10. The tiny, but very vocal, minority of gun owners that support OC are eventually going to lose. Stunts like the Dr’s are only accelerating the process. You can’t even convince most gun people it’s a good idea, let alone the millions sitting on the fence. I don’t think we’ll have to endure too many more ARs at the airport Starbucks in the future.

    • You mean the large and very vocal majority of gun owner that support open carry that aren’t going to lose? This isn’t just some stupid stunt and I can guaran-damn-tee you that you couldn’t even begin to construe just why it would be, either. Most gun people are already convinced that it’s a good idea, though the fence-sitters are another story (and it’s not yours). It’s funny that you even speak of Starbucks from your willful ignorance: Starbucks not only did not out-right ban guns from their stores — and no they did not — but they also didn’t even their (non)ban.

      • Starbucks is where this Dr. carried out his “protest”. And it is a tiny fraction of gun owners that actively support the idea of OC. Most of us grew out of the “trying to get attention” stage in our teens.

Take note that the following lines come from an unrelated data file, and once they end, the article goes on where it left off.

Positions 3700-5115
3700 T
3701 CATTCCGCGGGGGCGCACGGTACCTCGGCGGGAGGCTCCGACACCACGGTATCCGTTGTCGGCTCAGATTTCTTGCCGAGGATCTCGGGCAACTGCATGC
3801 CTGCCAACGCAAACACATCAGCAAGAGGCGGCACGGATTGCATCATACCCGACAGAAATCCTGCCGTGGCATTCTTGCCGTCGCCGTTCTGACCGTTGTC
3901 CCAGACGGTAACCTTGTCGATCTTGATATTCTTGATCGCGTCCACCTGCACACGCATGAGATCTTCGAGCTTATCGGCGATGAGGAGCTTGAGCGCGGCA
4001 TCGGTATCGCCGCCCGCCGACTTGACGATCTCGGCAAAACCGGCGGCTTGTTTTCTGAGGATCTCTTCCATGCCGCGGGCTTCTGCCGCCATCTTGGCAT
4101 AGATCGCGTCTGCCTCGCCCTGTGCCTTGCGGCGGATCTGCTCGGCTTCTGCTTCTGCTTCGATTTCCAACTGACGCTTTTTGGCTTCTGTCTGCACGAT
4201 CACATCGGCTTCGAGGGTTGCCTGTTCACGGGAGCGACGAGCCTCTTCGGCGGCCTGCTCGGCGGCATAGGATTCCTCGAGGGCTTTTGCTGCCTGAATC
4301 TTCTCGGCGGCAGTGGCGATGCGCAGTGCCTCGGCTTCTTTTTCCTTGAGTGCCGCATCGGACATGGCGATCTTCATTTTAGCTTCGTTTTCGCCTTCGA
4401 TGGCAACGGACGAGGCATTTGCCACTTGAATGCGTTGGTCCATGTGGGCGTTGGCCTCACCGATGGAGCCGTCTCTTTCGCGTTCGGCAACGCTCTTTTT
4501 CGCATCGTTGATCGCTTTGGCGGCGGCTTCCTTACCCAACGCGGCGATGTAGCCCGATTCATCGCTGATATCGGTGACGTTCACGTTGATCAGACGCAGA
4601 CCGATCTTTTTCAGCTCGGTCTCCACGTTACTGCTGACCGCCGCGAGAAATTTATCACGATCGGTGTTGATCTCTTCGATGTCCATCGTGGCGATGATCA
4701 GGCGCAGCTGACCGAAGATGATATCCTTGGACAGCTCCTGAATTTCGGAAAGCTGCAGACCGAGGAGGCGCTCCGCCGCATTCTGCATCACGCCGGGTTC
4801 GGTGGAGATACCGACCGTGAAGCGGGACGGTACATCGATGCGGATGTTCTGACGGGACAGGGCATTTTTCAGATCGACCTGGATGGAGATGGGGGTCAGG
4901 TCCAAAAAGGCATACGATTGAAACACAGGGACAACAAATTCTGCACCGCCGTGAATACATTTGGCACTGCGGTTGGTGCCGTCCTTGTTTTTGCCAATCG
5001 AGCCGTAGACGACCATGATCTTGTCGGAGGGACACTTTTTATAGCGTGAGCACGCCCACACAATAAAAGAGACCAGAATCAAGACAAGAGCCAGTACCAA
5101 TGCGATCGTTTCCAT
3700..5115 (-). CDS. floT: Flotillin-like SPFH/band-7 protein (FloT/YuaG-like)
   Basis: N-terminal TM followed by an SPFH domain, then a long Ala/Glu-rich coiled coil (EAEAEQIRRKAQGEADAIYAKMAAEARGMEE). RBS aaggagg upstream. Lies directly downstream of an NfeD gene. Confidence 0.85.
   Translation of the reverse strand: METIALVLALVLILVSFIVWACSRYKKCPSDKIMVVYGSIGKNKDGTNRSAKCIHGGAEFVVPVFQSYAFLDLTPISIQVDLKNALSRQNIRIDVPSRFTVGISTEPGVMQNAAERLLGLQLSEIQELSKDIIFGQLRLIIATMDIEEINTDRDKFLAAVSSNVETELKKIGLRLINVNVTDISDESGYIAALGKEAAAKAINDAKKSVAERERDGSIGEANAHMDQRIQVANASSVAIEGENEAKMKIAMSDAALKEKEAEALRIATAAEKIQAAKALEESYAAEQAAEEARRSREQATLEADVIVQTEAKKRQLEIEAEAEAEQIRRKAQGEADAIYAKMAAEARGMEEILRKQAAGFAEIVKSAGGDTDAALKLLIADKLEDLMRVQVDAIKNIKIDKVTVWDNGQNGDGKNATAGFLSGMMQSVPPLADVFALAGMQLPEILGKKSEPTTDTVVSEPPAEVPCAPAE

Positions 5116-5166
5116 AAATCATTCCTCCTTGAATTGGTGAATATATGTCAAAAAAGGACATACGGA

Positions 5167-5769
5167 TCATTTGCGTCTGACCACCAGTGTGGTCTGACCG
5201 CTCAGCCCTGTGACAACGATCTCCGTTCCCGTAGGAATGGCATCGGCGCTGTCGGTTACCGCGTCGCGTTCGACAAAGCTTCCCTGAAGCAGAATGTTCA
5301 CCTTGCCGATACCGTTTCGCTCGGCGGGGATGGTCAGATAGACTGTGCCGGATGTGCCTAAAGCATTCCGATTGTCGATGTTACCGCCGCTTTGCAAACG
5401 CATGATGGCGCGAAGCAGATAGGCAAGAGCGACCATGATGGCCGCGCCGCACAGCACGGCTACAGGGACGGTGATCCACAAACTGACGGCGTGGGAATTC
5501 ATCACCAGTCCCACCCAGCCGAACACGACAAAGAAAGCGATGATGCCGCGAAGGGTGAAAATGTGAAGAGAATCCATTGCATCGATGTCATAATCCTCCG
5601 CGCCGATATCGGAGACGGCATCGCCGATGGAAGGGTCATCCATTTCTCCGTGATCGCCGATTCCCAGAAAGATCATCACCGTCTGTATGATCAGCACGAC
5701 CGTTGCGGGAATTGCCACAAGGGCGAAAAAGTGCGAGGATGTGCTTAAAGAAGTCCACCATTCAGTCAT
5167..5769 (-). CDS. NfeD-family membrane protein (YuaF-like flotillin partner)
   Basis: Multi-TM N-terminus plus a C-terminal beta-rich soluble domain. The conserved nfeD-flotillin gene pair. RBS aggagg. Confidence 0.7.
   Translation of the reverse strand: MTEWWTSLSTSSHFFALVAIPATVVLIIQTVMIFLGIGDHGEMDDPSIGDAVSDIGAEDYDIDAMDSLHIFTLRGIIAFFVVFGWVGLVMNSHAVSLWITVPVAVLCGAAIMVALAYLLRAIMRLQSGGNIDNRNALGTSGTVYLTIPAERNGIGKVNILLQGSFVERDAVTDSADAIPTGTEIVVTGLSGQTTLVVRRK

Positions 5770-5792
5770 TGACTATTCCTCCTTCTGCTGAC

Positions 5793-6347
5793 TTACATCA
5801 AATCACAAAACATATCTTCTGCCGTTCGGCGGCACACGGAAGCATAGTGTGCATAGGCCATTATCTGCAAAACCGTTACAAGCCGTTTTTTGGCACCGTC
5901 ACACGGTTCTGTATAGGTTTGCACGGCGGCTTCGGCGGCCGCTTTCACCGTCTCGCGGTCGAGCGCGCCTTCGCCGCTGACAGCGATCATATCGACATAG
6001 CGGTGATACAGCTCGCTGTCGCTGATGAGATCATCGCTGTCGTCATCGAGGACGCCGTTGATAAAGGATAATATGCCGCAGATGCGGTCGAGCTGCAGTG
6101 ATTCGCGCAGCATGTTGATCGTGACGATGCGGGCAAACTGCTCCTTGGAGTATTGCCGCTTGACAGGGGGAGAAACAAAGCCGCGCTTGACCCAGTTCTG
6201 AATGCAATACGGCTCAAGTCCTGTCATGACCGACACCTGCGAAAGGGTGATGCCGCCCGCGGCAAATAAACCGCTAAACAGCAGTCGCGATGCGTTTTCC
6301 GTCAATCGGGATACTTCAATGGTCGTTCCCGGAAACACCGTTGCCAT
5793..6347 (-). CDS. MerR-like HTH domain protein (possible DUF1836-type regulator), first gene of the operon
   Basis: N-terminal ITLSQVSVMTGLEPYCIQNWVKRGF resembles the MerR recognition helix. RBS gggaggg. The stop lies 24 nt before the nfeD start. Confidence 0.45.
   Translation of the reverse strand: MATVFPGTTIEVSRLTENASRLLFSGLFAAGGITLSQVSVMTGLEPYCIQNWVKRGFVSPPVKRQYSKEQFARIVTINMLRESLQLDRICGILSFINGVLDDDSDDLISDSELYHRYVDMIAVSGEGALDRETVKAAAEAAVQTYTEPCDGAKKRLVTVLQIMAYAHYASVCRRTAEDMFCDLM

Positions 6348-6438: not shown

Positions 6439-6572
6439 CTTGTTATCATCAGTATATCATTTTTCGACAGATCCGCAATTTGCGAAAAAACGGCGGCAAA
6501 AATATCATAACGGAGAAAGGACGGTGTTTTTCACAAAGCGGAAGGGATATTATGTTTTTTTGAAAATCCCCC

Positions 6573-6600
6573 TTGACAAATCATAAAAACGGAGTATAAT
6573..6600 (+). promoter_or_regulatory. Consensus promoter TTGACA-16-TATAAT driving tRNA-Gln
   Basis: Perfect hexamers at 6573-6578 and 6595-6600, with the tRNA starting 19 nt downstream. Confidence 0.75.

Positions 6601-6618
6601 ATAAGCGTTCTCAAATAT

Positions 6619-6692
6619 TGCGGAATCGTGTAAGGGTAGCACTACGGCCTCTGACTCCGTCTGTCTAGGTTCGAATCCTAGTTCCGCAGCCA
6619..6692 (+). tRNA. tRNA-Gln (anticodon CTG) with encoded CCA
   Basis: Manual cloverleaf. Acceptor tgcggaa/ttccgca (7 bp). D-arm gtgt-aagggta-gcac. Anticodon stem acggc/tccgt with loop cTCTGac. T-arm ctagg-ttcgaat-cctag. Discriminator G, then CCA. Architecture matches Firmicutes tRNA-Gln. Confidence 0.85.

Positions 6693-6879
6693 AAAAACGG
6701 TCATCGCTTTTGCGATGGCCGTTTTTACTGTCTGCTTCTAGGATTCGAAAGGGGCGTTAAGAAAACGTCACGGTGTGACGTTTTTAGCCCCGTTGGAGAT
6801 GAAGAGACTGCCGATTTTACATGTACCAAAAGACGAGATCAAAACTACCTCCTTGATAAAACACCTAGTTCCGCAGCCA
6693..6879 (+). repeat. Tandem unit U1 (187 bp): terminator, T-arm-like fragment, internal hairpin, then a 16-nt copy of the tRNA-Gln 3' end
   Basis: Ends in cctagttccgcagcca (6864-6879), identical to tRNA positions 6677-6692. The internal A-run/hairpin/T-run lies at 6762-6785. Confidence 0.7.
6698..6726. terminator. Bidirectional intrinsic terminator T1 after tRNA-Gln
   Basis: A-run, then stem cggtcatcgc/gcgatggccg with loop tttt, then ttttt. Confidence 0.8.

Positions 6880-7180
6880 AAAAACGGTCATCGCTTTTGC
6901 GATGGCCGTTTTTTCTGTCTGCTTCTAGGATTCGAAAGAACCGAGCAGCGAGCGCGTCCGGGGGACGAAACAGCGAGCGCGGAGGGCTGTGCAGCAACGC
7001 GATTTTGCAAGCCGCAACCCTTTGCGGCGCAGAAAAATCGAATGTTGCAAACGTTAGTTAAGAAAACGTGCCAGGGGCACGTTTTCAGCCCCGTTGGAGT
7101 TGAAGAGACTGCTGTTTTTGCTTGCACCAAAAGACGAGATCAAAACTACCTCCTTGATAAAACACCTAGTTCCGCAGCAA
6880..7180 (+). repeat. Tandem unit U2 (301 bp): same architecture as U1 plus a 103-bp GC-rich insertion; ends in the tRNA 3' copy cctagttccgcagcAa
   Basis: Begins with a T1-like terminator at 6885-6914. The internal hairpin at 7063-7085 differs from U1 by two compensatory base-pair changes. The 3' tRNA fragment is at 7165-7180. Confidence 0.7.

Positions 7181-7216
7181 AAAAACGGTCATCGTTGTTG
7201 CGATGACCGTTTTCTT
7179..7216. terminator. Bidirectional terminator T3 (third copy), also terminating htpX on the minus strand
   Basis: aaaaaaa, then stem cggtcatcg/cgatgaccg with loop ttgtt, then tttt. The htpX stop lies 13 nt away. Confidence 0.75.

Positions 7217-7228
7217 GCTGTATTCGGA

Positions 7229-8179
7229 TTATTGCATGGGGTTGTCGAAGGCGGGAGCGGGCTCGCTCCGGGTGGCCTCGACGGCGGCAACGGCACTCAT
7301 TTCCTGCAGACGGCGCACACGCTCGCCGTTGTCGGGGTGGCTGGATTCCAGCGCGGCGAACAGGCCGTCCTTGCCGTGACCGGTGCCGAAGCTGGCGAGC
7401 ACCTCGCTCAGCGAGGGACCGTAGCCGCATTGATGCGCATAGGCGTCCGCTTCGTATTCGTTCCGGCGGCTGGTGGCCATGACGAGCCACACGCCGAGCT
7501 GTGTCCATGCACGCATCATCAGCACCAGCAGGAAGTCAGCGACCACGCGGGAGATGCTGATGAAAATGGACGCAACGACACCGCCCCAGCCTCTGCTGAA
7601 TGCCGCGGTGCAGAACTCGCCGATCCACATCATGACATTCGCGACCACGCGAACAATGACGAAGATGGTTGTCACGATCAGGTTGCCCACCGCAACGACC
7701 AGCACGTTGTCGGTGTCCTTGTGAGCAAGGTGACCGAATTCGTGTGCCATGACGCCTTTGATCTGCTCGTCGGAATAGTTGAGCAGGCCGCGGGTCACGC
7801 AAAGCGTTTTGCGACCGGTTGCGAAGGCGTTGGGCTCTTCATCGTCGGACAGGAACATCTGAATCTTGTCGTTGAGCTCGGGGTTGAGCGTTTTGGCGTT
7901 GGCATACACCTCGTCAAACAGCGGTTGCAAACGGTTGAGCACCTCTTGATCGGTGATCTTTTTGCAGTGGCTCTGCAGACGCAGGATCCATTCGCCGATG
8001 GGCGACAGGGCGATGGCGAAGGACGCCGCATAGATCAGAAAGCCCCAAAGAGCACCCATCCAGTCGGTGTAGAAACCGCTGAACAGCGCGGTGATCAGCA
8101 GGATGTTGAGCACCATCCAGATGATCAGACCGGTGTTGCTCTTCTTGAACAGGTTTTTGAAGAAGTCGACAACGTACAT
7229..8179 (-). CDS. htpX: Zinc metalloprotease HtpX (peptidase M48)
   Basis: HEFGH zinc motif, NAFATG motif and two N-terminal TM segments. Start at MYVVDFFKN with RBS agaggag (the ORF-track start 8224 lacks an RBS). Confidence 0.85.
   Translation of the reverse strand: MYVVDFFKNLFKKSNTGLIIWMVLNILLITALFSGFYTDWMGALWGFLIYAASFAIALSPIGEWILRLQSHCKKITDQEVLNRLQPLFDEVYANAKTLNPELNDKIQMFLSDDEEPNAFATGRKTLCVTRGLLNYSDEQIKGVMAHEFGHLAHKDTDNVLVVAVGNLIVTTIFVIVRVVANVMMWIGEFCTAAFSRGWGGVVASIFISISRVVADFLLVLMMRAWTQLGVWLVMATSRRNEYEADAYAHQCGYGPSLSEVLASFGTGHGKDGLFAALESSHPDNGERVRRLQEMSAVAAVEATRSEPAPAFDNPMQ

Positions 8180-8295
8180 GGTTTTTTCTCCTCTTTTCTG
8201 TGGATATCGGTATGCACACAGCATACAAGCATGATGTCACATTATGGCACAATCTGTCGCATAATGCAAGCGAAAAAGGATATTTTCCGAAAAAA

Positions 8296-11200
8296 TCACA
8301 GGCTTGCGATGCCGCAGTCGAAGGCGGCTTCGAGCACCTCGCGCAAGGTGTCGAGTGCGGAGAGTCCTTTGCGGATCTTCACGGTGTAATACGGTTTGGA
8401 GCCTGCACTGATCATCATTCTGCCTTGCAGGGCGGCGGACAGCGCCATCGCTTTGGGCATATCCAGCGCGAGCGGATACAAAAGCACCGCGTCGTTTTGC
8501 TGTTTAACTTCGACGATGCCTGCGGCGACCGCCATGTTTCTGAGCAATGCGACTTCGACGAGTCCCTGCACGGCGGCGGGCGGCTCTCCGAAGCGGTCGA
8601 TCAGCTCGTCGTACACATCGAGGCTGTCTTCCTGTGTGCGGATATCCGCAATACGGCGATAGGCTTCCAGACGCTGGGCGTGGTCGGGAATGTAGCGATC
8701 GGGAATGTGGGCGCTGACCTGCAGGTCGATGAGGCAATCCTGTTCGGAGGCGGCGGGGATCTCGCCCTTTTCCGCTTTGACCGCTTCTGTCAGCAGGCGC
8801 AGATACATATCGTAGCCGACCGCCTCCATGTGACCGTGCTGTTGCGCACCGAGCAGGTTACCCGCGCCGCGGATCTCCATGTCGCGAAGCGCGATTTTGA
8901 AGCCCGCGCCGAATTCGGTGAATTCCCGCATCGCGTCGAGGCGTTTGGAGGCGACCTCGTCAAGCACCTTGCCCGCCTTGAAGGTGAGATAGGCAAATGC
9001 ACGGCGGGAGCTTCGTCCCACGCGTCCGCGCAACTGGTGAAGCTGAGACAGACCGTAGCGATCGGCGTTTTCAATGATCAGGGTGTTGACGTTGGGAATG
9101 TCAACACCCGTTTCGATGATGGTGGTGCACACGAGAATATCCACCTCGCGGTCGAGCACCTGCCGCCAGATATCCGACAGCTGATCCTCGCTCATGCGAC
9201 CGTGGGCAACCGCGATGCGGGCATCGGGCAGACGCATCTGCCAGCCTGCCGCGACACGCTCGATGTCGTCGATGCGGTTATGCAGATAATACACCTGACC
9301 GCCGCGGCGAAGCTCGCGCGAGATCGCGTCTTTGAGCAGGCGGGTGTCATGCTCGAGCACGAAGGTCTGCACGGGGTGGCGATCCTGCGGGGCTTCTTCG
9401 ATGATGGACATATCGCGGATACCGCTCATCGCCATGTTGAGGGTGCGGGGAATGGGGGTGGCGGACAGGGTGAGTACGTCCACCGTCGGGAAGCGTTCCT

• And? They still don’t ban guns or open-carry in their stores in that state. It’s actually a majority of gun owners that support open-carry. Most of us grew out of the whole “let’s fry so-and-so because he’s doing something that some of us don’t like” stage in high school, too. Did you?

        • You have an almost unique ability to miss the point in anyone else’s post. You’re blinded by hatred and a simplistic world view. Best of luck with that.

        • WTF makes you think so? It appears that the “point” in most of your drivel is to insult other people, because you have no argument. Just where do you get your unfounded assertion that most POTG oppose OC? Because that is completely ridiculous, “shall not be infringed” does not have “as long a you keep them out of sight of the weenies” appended to it.